A group working to ban potentially dangerous dogs from Seattle has abruptly canceled plans to submit a citizen initiative after receiving threatening e-mails from pit-bull enthusiasts, group members say. "You should be publicly executed for your actions against our beloved pets," one e-mail reads. "You all ought to be neutered," says another.
"The harassment was so bad, we decided it wouldn't be safe to send out signature gatherers," says Ellen Taft, a spokeswoman for Families and Dogs Against Fighting Breeds (FDAFB).
As the FDAFB regroups, pit bull advocates, organized as Families Against Breed Bans (FABB), are scrambling to downplay a recent attack by a dog owned by one FABB member, Faith Hynoski, and her husband Joel. The pit-bull supporters at FABB did little to promote their cause when one FABB member wrote The Stranger a letter, complete with smiley emoticons, threatening to sue the paper if it revealed Faith Hynoski to be the owner of the pit bull that attacked another dog; the letter went on to warn that "it would be advisable to run NOTHING pertaining to the events of Sunday, September ," the date the attack took place.
The move to ban fighting breeds comes after a number of grisly, high-profile attacks around the country, including several in the Seattle area. Most recently, two pit bulls savagely attacked a 71-year-old SeaTac woman who is recovering from shredded ears, a crushed right arm, and a broken jaw. More than a dozen U.S. cities have already banned or severely restricted pit-bull ownership, which has led groups like FDAFB to push for an initiative that would ban fighting breeds, including pit bulls, from Seattle. According to the Seattle Animal Shelter, pit bulls make up just 4 percent of Seattle's registered dog population but account for nearly a quarter of all attacks.
While the FDAFB's initiative wouldn't have required current fighting-breed owners to have their dogs euthanized, it would have required owners to muzzle, insure, and have microchips implanted in their pets. The measure would have been funded by a tax on pet food and luxury pet items such as Halloween costumes and diamond-studded collars.
"Most people are ignorant about how to handle a dog," says Taft, who likens FDAFB's proposal to handgun registration. "If everybody put muzzles on their pit bulls, we wouldn't have a problem."
But while Taft and her group are working to limit the pit-bull population, groups like FABB are doing everything they can to keep fighting breeds legal.
"I think [FDAFB is] a support group run amok," says FABB member Julie Russell, who owns two pit bulls. She blames the breed's poor image on an overzealous media, which she believes overreports pit-bull attacks.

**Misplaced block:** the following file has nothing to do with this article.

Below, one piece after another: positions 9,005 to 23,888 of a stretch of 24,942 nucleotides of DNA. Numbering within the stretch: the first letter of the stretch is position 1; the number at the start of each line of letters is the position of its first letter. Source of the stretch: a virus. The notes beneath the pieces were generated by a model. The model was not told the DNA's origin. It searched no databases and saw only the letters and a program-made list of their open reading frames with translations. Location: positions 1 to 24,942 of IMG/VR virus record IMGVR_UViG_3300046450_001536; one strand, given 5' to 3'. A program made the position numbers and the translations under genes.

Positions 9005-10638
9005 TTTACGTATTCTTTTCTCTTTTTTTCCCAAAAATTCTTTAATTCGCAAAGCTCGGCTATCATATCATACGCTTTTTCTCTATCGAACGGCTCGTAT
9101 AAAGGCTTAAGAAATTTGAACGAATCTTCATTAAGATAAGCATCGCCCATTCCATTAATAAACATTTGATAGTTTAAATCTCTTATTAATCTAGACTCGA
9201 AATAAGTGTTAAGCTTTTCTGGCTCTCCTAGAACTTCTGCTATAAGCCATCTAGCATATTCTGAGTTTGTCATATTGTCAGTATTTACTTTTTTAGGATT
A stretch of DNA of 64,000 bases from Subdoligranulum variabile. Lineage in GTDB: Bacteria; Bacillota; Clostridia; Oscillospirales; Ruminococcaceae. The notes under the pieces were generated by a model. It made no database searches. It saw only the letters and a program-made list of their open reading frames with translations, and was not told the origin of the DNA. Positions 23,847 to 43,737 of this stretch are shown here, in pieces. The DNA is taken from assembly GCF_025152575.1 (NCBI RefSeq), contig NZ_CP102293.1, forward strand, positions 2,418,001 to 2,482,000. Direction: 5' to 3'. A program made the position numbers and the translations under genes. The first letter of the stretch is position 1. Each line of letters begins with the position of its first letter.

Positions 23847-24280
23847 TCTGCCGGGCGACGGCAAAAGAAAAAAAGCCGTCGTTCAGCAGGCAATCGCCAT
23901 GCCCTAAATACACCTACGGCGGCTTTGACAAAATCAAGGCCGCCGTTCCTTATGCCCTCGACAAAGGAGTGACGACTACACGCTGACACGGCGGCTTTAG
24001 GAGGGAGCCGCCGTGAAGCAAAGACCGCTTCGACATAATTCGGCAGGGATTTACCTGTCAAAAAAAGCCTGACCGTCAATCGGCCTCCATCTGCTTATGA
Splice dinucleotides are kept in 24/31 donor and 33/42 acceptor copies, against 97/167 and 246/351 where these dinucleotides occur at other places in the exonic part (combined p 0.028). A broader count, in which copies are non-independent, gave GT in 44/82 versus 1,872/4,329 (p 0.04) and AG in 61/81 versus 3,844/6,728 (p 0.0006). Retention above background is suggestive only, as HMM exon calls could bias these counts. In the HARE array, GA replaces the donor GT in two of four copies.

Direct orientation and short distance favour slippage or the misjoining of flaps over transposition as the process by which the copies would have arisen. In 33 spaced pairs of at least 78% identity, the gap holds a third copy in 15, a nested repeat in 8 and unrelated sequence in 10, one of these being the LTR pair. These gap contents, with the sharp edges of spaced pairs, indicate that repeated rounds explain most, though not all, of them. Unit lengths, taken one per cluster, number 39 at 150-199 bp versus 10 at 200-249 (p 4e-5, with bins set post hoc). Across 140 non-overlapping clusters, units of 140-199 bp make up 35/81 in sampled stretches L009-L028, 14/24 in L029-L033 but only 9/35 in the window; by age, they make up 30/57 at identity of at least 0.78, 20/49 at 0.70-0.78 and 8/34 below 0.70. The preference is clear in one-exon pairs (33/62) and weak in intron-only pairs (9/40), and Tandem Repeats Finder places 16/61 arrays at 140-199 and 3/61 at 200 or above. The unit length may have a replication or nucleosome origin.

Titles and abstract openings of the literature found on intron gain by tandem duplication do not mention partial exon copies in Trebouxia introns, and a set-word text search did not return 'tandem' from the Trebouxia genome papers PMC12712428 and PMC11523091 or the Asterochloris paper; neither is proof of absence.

In defense of pit bulls, Russell argues, somewhat counterintuitively, that the only reason pit-bull incidents have spiked is the breed's increasing popularity. "As [the pit bull] is becoming more popular, of course you're going to see an increased amount of activity," Russell says.
One such incident was the attack on September 7, during the grand opening of the Zak and Zoe pet store in Phinney Ridge. A large crowd of owners and their leashed dogs were milling around the store when, according to a report from the Seattle Animal Shelter, the Hynoskis' pit bull Zack attacked a yellow Labrador named Sam. The report says the Hynoskis' pit bull became aggressive, wrapped its jaws around Sam's neck, and would not let go.
After the attack, Sam's owner, Irene Mitri, called the Seattle Animal Shelter, which issued the Hynoskis a $269 citation for what shelter director Don Jordan calls "an unprovoked attack." While it initially appeared Sam was not injured, Mitri says a veterenarian later found "scabbed puncture wounds" on Sam's neck. The report also says that Joel Hynoski told a Seattle Animal Shelter officer that he was guilty and would pay the fine.
The Hynoskis did not respond to phone and email requests for comment, but Russell says they plan to appeal the citation.
According to the animal shelter's Jordan, the shelter had to put down 300 pit bulls or pit-bull mixes that were brought into shelters. "They're just so dangerous we don't want to place them with the public," he says.
Despite the fact that pit bulls account for more than twice as many bites as any other breed, Jordan isn't sure a ban on fighting dogs will be effective. "All dogs have the potential to bite, [and] all dogs have the potential to fight," Jordan says. "I think we need to focus on legislation on all breeds out there. We focus on the deed and not the breed."
Although FDAFB has pulled its initiative, the group is now lobbying the city council to amend Seattle's dog laws. "As far as I'm concerned, we don't allow dogfights, [so] why are we allowing fighting breeds?" Taft says.